3. Remember that racial and ethnic diversity aren’t the only kinds of diversity there are.

Readers now remember, thanks to Game of Thrones and Jepp, Who Defied the Stars, that some people in the Middle Ages were born with dwarfism. There were many people with physical and mental disabilities in the Middle Ages, especially due to disease (and in the case of royalty, sometimes inbreeding). There were gay people in medieval Europe—some historians even say there was a form of gay marriage in some parts. There were genderqueer people in Europe in the Classical Era, and we can assume they didn’t all disappear when the Middle Ages came around. There were some really, really poor people in medieval Europe, even if many works of fiction ignore them. There were slaves, too. According to the Domesday Book about 10% of the English population in the late 1000s were slaves. I’m sure you get my point. There was more diversity in medieval Europe than you might think.

4. Just add some diversity, will ya?

If you’re writing a fantasy book set in a fantasy world, why not put just add some diversity to make things more interesting? You’re building a setting where there’s magic or elves or some other unbelievable thing. You expect readers to accept that, but you don’t think they’ll accept a person of a different race or sexuality? I think I’m going to start calling this the “Black Vulcan* Problem,” after that silly situation back in the day when some Star Trek fans bristled at Tuvok’s skin color. To those fans, pointy-eared aliens were perfectly believable, but dark skin was (if you will) beyond the pale. Yeesh, people. Yeesh.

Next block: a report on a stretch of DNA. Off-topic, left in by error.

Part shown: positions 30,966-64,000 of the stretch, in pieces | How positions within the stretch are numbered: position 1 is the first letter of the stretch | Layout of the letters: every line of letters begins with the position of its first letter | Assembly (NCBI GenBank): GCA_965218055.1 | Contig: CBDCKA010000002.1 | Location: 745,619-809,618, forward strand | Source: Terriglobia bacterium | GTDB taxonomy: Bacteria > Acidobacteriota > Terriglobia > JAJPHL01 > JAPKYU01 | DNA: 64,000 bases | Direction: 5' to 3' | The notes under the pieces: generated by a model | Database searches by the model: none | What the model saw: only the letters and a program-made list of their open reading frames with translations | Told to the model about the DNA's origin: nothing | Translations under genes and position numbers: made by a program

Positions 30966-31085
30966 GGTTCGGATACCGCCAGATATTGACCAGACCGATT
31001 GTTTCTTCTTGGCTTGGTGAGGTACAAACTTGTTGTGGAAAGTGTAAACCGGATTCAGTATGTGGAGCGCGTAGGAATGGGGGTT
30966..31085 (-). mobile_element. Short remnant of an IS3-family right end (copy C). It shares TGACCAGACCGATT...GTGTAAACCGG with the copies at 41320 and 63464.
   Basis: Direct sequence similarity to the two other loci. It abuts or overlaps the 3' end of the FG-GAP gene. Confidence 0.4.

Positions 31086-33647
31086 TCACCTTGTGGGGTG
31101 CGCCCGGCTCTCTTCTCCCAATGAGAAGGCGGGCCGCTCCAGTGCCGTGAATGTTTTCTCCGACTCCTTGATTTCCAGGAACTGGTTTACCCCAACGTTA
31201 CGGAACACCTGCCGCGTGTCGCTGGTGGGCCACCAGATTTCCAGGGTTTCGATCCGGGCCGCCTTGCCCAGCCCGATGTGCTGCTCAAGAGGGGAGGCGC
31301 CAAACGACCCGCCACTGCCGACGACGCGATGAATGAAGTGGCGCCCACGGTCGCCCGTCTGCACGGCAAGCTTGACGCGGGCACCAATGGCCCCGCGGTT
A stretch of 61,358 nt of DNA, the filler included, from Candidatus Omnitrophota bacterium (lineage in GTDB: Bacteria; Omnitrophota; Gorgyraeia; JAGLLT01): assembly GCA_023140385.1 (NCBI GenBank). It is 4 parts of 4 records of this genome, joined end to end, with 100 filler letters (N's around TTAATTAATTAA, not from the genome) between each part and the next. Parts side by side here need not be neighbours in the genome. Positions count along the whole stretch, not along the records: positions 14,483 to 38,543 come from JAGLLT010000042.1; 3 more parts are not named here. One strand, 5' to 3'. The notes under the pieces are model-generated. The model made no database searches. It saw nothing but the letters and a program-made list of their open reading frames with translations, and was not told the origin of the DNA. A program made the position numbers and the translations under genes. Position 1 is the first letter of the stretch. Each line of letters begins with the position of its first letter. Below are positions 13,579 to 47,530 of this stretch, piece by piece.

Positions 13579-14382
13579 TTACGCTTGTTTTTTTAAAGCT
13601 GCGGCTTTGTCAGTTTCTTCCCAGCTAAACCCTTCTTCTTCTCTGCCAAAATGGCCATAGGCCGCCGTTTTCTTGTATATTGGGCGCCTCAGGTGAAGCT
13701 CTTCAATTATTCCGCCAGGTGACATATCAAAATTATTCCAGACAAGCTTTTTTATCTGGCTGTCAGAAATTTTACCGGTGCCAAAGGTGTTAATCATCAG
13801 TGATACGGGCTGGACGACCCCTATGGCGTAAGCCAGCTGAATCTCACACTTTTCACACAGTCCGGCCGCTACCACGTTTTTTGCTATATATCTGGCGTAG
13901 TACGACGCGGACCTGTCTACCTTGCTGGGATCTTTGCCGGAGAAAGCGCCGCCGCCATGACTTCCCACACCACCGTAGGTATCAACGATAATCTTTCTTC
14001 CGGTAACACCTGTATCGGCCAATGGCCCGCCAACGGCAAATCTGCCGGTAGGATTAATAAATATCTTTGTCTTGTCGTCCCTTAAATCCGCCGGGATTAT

Of course, all of the above advice must go with the obvious caveat: don’t just add diversity without doing the research. But if you do, I guarantee your fantasy world will be much more interesting than it would be otherwise, and it might actually be more historically-realistic, too.

*The Federation kind, not the Superfriends kind
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Don’t forget to follow Shana on Twitter! You can also read Crystal’s review of HAMMER OF WITCHES or put in a last-minute entry for our ORLEANS giveaway. The giveaway ends tonight at midnight EST, so be fast!